While packaging’s prime necessity is to protect goods in storage and transit, carefully designed, well- chosen packaging can offer much more besides in lowering handling and transit costs and fulfil obligations to meet EUwide directives to cut packaging waste sharply by 2030. Sometimes this might involve bespoke designs to suit one’s own specific needs but all B2B packaging users should take a holistic view of their entire supply chains so as to avoid improving your own packaging efficiency at the expense of causing problems for others down the line. Such a task may best be handled by calling in packaging experts with world-wide experience of how a global view of packaging in the supply chain can pay big dividends.
In certain industries packaging and its playmates of pallets can have a much greater importance owing to its disruptive potential and perhaps nowhere is there more so than in automated warehouses, where high investment can be plagued by poorly-chosen packaging machines and materials. Packaging heavily influences the design process for warehouse automation and thus requires a great deal of data input. If arriving production materials vary widely in size, weight and method of load restraint on equally diverse pallets then such data is crucial to the design process and so requires detailed investigation.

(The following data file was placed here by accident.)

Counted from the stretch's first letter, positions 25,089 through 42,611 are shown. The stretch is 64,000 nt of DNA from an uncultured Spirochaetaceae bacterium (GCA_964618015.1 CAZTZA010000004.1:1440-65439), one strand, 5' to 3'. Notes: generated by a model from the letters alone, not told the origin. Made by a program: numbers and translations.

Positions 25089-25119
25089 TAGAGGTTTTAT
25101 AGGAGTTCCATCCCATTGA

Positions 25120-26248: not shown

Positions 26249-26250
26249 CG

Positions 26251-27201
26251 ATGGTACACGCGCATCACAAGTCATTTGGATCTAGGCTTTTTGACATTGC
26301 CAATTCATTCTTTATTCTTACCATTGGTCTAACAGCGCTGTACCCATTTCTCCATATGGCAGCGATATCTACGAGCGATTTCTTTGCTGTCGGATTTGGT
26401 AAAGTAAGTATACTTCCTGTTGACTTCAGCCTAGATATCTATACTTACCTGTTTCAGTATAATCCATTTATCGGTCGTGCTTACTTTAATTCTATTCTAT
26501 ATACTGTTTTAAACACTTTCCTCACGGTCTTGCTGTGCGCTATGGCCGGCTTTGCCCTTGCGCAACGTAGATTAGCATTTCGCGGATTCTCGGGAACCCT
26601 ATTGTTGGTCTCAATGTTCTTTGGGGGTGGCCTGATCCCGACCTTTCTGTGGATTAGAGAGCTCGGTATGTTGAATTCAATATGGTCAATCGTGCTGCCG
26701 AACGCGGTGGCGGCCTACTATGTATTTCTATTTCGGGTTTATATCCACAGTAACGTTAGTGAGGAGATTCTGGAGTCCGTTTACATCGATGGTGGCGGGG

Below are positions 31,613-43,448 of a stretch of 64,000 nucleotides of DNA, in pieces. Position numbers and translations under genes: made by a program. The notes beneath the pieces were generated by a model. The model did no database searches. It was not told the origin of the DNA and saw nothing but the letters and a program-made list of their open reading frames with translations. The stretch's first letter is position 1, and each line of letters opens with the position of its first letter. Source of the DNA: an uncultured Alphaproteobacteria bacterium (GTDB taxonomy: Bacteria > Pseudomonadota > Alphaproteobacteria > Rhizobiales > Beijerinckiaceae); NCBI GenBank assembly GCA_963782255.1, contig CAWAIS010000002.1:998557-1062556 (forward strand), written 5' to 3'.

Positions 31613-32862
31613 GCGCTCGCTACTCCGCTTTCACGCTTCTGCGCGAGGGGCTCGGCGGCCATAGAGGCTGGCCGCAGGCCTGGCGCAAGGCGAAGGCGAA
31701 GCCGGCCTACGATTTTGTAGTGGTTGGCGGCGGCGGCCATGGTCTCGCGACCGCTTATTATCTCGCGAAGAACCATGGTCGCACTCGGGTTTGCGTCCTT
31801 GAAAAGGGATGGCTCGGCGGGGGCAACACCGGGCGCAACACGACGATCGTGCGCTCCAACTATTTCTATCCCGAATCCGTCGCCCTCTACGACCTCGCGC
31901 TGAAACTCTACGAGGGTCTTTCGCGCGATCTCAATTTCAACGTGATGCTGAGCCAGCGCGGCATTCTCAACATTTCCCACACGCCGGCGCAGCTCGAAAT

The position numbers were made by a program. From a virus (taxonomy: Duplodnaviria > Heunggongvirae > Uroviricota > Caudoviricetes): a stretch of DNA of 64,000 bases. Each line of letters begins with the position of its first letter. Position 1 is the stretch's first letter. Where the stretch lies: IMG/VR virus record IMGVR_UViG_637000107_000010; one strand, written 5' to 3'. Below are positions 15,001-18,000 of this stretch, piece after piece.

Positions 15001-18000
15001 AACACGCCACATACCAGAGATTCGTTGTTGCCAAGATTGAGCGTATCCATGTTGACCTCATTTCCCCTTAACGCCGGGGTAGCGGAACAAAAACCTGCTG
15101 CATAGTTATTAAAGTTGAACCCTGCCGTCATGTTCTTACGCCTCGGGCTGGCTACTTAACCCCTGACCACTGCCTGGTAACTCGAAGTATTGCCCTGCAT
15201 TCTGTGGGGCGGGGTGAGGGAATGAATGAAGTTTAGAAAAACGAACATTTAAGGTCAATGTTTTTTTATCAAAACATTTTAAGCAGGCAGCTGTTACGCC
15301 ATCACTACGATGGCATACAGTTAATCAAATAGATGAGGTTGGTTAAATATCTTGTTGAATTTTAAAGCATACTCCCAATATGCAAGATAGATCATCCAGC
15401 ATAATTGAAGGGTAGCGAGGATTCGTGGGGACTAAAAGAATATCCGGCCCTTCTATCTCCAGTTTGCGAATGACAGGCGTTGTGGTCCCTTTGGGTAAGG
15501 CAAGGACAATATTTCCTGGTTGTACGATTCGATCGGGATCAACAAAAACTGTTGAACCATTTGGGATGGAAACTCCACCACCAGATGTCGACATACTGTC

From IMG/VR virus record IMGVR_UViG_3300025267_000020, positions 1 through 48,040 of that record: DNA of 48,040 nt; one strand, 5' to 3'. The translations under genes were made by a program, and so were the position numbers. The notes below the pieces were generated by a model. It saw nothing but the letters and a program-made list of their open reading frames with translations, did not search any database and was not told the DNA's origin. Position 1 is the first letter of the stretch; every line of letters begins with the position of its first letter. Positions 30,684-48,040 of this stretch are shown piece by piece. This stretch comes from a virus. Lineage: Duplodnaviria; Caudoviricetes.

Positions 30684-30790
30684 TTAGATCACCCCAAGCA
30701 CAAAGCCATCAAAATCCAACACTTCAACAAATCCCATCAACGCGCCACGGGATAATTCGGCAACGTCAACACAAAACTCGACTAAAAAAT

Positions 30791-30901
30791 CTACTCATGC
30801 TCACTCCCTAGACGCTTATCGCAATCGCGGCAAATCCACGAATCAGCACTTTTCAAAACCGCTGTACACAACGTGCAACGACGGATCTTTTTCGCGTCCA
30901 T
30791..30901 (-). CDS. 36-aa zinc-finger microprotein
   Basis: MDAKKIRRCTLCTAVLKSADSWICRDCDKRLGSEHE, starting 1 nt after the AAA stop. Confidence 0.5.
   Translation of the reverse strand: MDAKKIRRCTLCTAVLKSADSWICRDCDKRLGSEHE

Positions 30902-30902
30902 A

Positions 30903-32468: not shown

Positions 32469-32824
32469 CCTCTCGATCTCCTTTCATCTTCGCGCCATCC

Automated warehouse operators must liaise closely with their suppliers over wrapping, pallets and labelling at an early stage but the ability to influence them depends on buyers’ sizes and thus packaging clout. It would admittedly be more difficult for SME’s to influence their packaging suppliers to make big changes because suppliers would be reluctant to cooperate if it means that such demand is only a small part of their business.
Some problems posed by poor packaging and pallets can be eased by considering the handling equipment. Consider, for example, the type of conveyor to use. For some time there has been a trend over moving more to belt conveyors and away from rollers because it cuts down any snagging problems with loose stretchwrap or banding. Loose, flapping wrapping can also send false signals to sensors on stacker cranes and conveyors, leading to rejects. A sensible move here would be to consider using a stretchwrapper with a positive tailend sealing system to prevent any loose film tails being left.
Stretchwrappers, too, need some thought in terms of their method, of which there are two basic powered types: the rotating head type, where the load stands still, and the turntable type which spins the pallet load. The latter could cause load bulge during the spinning process which subsequent wrapping might not fully rein in. Such bulging could lead to rejection at the pallet profile gauge. The solution of using soft-start motors would slow the handling process.
This leads on to the problem of carton quality. Strong cartons are important, especially if banded together. If there are mixed pallet loads then the heavy cartons should be placed at the bottom. To maintain integrity, users might consider humidifiers. Damp, cold warehouses should be avoided.
Any company installing automated handling must realize that labelling is critical to product tracking. Poor quality barcodes and careless placement which leads to coverage by stretchwrap will cause misreads.